Follow me on twitter (1 entry)

– Register to my free mailing list (on top right of the site)

– Register to my RSS feed (1 entry)

You can actually participate on both sites by commenting.

The giveaway winners will be announced on Friday, November 6th.

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Comments

Want to save on cash and help reduce farming’s impact on the environment? Eat half the meat you normally would and replace it with with some great veggies. Establish one meatless night a week, and when you eat meat make sure it’s only about 6 oz.

Realistically I’m never going to give up my BBQ burgers on a Saturday evening. Even just writing about it makes me salivate. However, do you really need to eat a 40 oz steak? Instead take some potatoes and other veggies, wrap them in foil and throw them on the BBQ too. Potatoes are fantastic for you, are incredibly affordable, and fill you up quite nicely.

Always take a calculator with you when you shop.
Compare prices and sizes of products.
Try to match up coupons with sale items.

frugal tip: in households with more than one breadwinner, for purchases over $50, you have to explain your plan to purchase to your significant other; result is you normally forget, change your mind or drop the idea, therefore reducing impulse spending!

actually works very well, especially for me who like to indulge myself

I would love to win!

Watch your renewal premiums each year for your home and auto. They always seem to creep up and by shopping around you can usually save some money. Do not automatically renew term 10 life, your rates will be higher than if you reapply (assuming no change in medical situation).

by: wendy wallach | October 30th, 2009 (8:21 pm)

Watch the register when you go to the grocery store. It often fails to ring up the sale price and if you bring the receipt to the courtesy counter, you can then get that item for free.

madamerkf at aol dot com

I believe that when we calculate ROI, its necessarily to have a calculator to avoid frugality…what do you say about this? Thanks financial blogger.

I have to admit I find it very difficult to be frugal and am trying to change my ways. A simple tip may be to stop paying others for what you can do yourself. For example, I belong to a gym ($50/mo = $600/yr) but have started to look into fitness routines I can do at home. There is an intitial cost outlay for tapes and some equipment. I’m not going to buy anything big like a bowflex or treadmill because it’s amazing what you can do with a medicine ball and simple weights. And plyometrics doesn’t require any equipment and still manages to kick my a$$. Cost savings will be from my membership and saved gas from driving back and forth from the gym (which is also good for the environment). The tip can be expanded to include simple home repairs, growing your own vegetables, etc.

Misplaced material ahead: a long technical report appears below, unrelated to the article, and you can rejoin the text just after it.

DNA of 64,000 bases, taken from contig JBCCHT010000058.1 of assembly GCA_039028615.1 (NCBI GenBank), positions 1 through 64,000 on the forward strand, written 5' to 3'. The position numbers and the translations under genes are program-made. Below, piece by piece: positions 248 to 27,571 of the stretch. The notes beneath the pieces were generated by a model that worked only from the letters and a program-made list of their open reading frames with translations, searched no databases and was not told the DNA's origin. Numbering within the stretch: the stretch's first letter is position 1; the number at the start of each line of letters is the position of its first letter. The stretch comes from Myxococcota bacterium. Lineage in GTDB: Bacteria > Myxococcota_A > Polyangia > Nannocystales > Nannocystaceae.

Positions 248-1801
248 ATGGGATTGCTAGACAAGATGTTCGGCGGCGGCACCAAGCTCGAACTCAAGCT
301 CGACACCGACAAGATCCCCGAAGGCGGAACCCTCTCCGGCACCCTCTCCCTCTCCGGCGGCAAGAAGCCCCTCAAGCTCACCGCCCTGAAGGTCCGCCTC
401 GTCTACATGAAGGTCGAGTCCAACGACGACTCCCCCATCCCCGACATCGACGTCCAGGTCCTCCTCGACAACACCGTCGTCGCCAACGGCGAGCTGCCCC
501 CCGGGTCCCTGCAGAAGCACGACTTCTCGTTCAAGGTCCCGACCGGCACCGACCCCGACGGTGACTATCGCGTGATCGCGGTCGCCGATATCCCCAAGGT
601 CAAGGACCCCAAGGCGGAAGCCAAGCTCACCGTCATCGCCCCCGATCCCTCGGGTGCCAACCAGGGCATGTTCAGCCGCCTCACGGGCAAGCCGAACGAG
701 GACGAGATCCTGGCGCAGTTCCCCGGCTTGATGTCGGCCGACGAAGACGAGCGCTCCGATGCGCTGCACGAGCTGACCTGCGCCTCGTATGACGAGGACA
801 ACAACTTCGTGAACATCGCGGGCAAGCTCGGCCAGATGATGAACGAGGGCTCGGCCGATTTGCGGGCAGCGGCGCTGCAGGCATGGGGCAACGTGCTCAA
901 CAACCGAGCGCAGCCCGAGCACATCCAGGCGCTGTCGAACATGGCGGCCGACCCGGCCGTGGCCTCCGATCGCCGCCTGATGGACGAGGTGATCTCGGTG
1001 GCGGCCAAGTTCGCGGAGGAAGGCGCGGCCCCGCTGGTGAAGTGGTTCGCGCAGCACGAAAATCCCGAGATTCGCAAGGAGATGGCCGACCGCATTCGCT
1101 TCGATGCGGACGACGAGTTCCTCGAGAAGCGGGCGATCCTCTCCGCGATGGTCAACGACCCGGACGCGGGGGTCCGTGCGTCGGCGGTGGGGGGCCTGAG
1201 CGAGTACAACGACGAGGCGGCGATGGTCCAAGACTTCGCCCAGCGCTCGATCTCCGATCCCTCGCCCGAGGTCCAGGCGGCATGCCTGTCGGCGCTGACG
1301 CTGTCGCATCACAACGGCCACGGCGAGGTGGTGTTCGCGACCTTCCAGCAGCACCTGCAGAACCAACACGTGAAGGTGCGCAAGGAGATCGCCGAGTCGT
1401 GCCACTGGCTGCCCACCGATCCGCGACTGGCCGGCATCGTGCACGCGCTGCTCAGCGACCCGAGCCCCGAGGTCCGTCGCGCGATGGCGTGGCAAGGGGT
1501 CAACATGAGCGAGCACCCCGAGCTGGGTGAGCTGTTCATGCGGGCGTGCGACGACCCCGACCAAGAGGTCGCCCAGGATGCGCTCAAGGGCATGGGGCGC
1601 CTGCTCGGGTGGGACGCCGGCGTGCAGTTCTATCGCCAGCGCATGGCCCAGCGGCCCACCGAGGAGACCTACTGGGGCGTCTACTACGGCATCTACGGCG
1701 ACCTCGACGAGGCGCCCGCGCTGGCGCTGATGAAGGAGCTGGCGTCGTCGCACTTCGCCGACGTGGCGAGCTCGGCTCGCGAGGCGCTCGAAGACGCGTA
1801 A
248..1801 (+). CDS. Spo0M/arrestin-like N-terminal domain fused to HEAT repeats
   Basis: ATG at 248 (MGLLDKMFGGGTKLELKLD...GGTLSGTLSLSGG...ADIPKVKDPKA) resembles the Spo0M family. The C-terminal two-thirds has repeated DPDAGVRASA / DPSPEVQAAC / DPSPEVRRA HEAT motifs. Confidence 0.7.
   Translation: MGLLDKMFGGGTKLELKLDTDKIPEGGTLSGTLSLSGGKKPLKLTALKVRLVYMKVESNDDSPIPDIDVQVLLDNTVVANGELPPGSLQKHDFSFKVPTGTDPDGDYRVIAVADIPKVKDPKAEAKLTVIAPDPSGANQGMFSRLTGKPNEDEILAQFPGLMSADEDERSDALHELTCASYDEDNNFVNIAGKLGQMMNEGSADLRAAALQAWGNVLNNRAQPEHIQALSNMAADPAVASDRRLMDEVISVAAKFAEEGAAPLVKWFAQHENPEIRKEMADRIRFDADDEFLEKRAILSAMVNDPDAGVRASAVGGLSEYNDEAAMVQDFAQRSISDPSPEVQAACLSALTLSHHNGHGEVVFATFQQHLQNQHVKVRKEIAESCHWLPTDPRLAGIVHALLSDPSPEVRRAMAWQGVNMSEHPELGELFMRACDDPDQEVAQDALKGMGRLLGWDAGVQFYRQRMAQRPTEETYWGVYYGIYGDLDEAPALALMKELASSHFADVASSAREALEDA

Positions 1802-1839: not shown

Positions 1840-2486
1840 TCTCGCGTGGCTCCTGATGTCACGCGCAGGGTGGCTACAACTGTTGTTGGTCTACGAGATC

[…] out my post for a free book giveaway (winners to be announced on Friday Nov […]

Frugal Tip: Don’t underestimate your food spending: Eat out less (much less) and cook at home instead. Think you don’t have time? Make large meals and freeze at least one night’s worth of leftovers. Make cooking a family/couple affair. You’ll get to spend quality time together and preparation will go quicker. And don’t buy expensive food, except for special occasions. Think of that $12 bleu cheese as a splurge, not a staple. Include cheap healthy staples in every meal: beans, legumes, rice, quinoa, etc. and buy them in bulk. Buy less meat–it’s better for you and you’ll save money since meat is usually the most expensive type of food.

Following you on Twitter, RSS, and mailing list.

I research the heck out of any significant purchase, and then wait for it to go on sale.

[…] First things first, here are the winner of the book “In Cheap We Trust“: […]